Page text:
power consumption of light bulbs
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  1. #1
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    Default power consumption of light bulbs

    i have these "cornknob" led bulbs. they draw 0.045 amps at 231v. so 10.4 watts. measured with multimeter. if i plug them into a socket type watt-meter it shows the same amps and volts but 4.5 watts. what does this mean?

    i assume it might have to do with the crude capacitor power supply. but how much power do the leds consume in the end?

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    Possibly a very dumb attempt at an answer, but could it be one reading is peak when driven from an AC source, and the lower one is reading average power (reduced due to the actual "area under the curve" of the sine wave)?

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    No way to know. There's some sort of switching supply that has a <1 power factor. A multimeter can't tell you power. A true watt-meter can, but only the total power of the thing. Does it have a power factor readout too? Hopefully the power supply is reasonably efficient, maybe 85% or better, so if you can get total power, assume 85% goes to the LEDs and the balance is lost as heat in the power supply.

    See power triangle- What is a Power Triangle? - Active, Reactive & Apparent Power - Circuit Globe

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    Quote Originally Posted by dian View Post
    . what does this mean?
    It means you need to understand power factor.

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    The inverter power supply is hungry for some power too. The test probes would have to measure the output but then the package would have to be opened, and probably ruined.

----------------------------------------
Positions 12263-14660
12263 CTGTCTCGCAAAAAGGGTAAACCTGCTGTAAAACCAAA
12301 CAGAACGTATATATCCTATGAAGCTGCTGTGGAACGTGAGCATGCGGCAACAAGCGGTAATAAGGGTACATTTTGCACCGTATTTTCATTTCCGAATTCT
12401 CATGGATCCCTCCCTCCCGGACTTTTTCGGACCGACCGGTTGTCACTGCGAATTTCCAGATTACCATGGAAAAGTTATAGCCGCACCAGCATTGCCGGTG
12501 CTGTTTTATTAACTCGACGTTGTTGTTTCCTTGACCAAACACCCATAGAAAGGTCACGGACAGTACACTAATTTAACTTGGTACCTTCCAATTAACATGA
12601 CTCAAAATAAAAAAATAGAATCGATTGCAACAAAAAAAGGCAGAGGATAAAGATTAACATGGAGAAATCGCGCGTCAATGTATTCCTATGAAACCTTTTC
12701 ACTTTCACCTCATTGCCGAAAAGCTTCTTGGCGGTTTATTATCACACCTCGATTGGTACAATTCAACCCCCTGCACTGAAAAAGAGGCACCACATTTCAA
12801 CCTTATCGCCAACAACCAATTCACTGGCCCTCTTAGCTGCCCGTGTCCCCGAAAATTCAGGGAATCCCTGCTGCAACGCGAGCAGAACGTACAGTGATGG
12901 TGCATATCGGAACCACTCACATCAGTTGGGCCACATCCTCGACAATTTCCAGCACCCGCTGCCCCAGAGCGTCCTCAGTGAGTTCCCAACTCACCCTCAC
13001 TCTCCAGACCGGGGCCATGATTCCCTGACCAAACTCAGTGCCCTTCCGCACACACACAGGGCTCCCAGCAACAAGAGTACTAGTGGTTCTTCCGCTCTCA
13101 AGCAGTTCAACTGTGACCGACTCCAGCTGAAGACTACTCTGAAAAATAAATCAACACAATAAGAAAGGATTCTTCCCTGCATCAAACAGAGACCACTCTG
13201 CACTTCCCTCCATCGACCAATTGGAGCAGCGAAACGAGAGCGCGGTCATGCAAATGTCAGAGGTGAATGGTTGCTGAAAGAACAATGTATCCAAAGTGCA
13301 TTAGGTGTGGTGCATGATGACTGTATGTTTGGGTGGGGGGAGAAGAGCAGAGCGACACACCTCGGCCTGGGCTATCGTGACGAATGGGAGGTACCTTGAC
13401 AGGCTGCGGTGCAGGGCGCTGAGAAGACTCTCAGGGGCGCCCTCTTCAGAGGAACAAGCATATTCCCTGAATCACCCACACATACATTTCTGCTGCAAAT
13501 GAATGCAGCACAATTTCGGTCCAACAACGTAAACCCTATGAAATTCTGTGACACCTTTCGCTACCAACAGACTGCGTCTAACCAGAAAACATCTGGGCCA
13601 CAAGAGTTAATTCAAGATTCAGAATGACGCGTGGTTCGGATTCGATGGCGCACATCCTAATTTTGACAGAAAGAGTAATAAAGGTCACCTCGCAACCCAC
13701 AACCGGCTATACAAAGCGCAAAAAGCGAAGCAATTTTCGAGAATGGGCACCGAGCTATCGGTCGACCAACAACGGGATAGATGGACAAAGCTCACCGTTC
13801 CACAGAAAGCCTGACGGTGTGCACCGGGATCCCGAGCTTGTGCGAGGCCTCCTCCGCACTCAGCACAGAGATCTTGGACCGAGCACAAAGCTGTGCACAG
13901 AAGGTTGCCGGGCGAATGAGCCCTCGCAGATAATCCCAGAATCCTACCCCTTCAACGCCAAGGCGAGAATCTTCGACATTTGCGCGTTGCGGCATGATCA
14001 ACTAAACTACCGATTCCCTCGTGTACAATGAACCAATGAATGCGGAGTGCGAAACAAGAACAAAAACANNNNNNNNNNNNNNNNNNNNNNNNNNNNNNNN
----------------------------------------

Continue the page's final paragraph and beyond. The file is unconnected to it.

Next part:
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    Quote Originally Posted by jim rozen View Post
    It means you need to understand power factor.

    True!

    "An LED bulb" is not a "known device".... there are lots of types, with all sorts of internal power supplies.

    Yours probably has a step-down SMPS. It likely has some form of capacitor and rectifier as the first part of it, which will have a "leading" power factor lower than 1.

    Just going by the numbers you give, it appears to have a power factor of about 0.45, which would be considered "low", but not extremely low.

    Some have enough LEDs that they use a constant current IC to drive them (sum of voltages is high enough to make losses reasonable). That type probably would have a higher power factor.

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    as i mentioned its just a cap reducing the voltage. i didnt realize this could have such a low power factor. so do i understand correctly, the power meter is right and 4.5 watts are consumed by the device? then lets assume an efficiancy of 80% roughly 3.5 watts goe to the leds. so 350 lumen would be a realistic expectation?

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    Ah, I missed the part about series capacitor, was not sure what "crude capacitor power supply" referred to.

    The entire point of the capacitor instead of a dropping resistor is to use "lossless impedance" instead of resistance, to drop voltage.

    So the capacitor is of a value to insert significant impedance in series. That means it is "acting like a capacitor" (rather than being large enough that it is more like a short to the 50 Hz) and that characteristic will be the main thing presented to the power line as a load.

    Capacitors have the current "leading" the voltage, inductors have it "lagging". So the capacitive power factor of the lamp can be helpful, since most loads on the power line are inductive. It cancels out a small portion of that.

    Essentially, none of the voltage drop across the capacitor "counts" when figuring power used. Your power meter is probably correct (to the degree that is properly made and calibrated).

    The lumens depends on the efficiency of the LEDs, which varies wildly depending on the LED.

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